Hurling, on all sorts of fronts held attention afternoon and evening last weekend. Croke Park was a distant appetiser for the Mid Final, but the fare at Boherlahan satisfied no one but the Drom-Inch element as Loughmore-Castleiney suffered something not unlike last year’s tumble against Sarsfields - goals again a main factor in the heavy loss. The biggest topic on the Divisional scene, though, had to be Anacarty’s emphatic termination of Clonoulty’s long reign in the West. We wait now for the Toomevara v Templederry game next Saturday to finalise the four clubs that will meet the quartet of local runners-up.
An unproductive year for Tipp. at senior and minor was endorsed last midweek by the fate of the Under 21’s as Clare made light of their trip to the Stadium. Kilkenny, with their minor defeat last Sunday, share out three tiered downfall. Only the Intermediate is left to offer a modest place on the season’s roll of honour. I remarked some time back that a year ending in the number three had never produced a senior All-Ireland for Tipp. The spread of the jinx to other grades this year has been a further extension of that unhelpful past history. All “pishogues” and coincidence, no doubt, but we’ve certainly been well short of our ambitions. The manner of Tipp’s crushing of Cork at Under 21 had raised hope vis-a-vis Clare but the Banner was on triumphant display at Thurles, akin to the way they played in beating Kilkenny there a year ago. They go into next Sunday’s clash with Limerick in upbeat mood.
Three Munster counties have the rest of the major championship between them. So the September 8th decider will be a repeat of either the Munster semifinal or the final. To have a pair of already beaten teams involved in the climactic game would be rather odd and unprecedented, but the system allows it. Cork would perhaps prefer to meet Clare than Limerick on the form shown in the provincial meetings.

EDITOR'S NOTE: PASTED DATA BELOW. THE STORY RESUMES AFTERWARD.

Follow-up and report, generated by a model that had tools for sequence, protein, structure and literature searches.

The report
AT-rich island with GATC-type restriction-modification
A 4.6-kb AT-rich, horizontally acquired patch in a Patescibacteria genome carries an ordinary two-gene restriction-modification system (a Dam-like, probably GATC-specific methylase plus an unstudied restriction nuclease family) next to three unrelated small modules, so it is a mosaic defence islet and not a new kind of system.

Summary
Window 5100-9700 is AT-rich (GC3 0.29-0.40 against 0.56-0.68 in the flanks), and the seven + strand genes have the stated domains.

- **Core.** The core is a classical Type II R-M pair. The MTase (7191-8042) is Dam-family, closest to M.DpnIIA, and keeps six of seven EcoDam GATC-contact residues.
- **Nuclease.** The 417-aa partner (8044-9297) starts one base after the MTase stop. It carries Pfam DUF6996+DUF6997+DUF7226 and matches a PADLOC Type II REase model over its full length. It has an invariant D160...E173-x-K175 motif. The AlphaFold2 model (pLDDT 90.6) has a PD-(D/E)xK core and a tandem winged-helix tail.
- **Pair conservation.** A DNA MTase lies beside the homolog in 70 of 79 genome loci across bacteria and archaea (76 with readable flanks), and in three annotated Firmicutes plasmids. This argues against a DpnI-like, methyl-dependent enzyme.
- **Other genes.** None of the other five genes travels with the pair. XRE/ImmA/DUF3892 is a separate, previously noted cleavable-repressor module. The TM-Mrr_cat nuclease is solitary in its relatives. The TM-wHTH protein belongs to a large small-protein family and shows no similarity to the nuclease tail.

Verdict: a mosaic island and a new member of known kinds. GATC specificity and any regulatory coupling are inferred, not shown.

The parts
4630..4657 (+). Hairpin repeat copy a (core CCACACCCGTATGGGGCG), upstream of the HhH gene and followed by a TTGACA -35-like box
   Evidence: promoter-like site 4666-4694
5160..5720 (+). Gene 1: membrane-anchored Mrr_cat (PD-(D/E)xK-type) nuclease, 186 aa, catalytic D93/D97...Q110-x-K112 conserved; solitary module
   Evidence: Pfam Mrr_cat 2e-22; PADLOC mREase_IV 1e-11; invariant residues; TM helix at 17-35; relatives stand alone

Cork looked to be in ominously sharpening form in just getting the better of a Dublin who weren’t at all fazed by the size of the occasion and indeed had a third quartet spell that promised more than was eventually delivered. The dismissal of Ryan O’Dwyer was a huge blow to Daly’s team and came as a disappointment to us tele-viewers in Tipp. especially in Cashel. The two yellows law has been a dubious, soccer based innovation in hurling, the first often brandished where a foul might more reasonably yield a free, and the second just as venial in the hectic circumstances of the caman. Refs. are obviously under pressure to be seen to toe the literal line rather than employ personal judgement. O’Dwyer, of course, had been red carded a few years ago, but his thrustful approach hardly goes beyond the bounds of honest endeavour. Anyhow, the loss was of negative, even crucial, consequence for Dublin. Another aspect was the unusual fallibilty of Paul Ryan as free taker, depriving them of momentum keeping scores. But a fifteen times level thriller before a huge attendance turned Cork’s way on ‘keeper Maguires ill luck and Horgan’s opportunism for a goal of serious and ill timed arrival for Dublin, and a positive omen for Cork as the sliotar was stolen off Gary’s stick as he advanced. Opposite number Nash, by contrast, was flawless off the three long frees he converted. All in all, Cork go on optimistically as the Munster defeat becomes academic. Their play has gained in flow and confidence, even if the end game on Sunday ran fortunately for them. Dublin, in defeat and deflation, won high credit and have become a considerable factor in the code.